Figure 3: VSL#3 enhances tumorigenesis in a second cohort of AOM Il10−/− mice.
Figure 3

(a) Miniature endoscopy, (b) macroscopic imaging, (c) tumor penetrance, (d) tumor multiplicity, (e) dysplasia score, (f) individual dysplasia scores from the mice used for later microbiome (g) invasive adenocarcinoma penetrance, (h) representative H&E histology. (a–e, g) Bar graphs depict mean + SEM, 13–14 mice/group, pairwise comparisons by two-tailed Mann Whitney U test.

VSL#3 treatment does not impact colonic inflammation in the AOM/Il10−/− model

Chronic inflammation has been recognized as an important risk factor for CRC. We next assessed histologic inflammation in the distal and proximal colon of our second cohort of AOM/Il10−/− mice treated with or without VSL#3. We observed no significant difference in inflammation scores (Fig. 4a, b), demonstrating that intervention with VSL#3 does not alter colonic inflammation. To gain greater insight into the inflammatory environment of the colon, we measured inflammatory cytokine mRNA in colon tissue biopsies using an Inflammation PCR Array. There were no significant differences in the expression of common IBD- and CRC-associated cytokines including Ifng, Il18, Tnf, Il1b, Il23a, and Il6 (Fig. 4c). Together these results suggest that VSL#3 enhances tumorigenesis without augmenting host inflammatory status.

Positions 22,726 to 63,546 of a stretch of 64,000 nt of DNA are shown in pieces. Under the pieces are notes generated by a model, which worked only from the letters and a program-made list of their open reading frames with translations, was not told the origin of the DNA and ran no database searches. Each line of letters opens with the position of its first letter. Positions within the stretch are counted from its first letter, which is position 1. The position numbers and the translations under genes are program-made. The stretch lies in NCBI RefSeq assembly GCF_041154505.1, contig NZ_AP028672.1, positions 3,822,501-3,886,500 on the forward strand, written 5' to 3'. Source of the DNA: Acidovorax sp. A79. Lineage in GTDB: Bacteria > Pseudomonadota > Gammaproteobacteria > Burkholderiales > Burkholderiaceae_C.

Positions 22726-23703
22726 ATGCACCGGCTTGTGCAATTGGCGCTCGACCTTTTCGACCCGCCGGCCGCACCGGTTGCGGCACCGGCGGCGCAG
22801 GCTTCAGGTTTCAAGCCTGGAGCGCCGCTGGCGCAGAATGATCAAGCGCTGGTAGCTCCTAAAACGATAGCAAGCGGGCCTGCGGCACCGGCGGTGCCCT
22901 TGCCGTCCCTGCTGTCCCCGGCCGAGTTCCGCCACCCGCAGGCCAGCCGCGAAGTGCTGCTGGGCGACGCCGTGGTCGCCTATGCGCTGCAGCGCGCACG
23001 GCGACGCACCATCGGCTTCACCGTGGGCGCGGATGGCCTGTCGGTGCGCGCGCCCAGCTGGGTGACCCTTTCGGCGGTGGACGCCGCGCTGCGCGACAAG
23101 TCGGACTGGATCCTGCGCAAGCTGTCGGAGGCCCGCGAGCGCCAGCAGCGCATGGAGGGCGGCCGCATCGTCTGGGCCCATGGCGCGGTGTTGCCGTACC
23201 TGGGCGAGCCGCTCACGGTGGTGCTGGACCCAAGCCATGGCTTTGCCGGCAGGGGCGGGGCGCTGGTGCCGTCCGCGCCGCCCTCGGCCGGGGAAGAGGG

Figure 4: VSL#3 does not significantly impact inflammation in AOM/Il10−/− mice.
Figure 4

(a) Distal, and (b) proximal colon histologic inflammation scores, mean + SEM, 13–14 mice/group, pairwise comparisons by two-tailed Student t test. (c) Colonic cytokine mRNA expression of four individual SPF + VSL#3 mice relative to mean expression of four mice in the SPF group; line at median. Data analysis was performed with SABioscience RT2 Profiler PCR Array Data Analysis version 3.4 using the ΔΔCt method and two-tailed Student t test.

VSL#3 alters community composition of both the luminal/stool and mucosally-adherent microbiota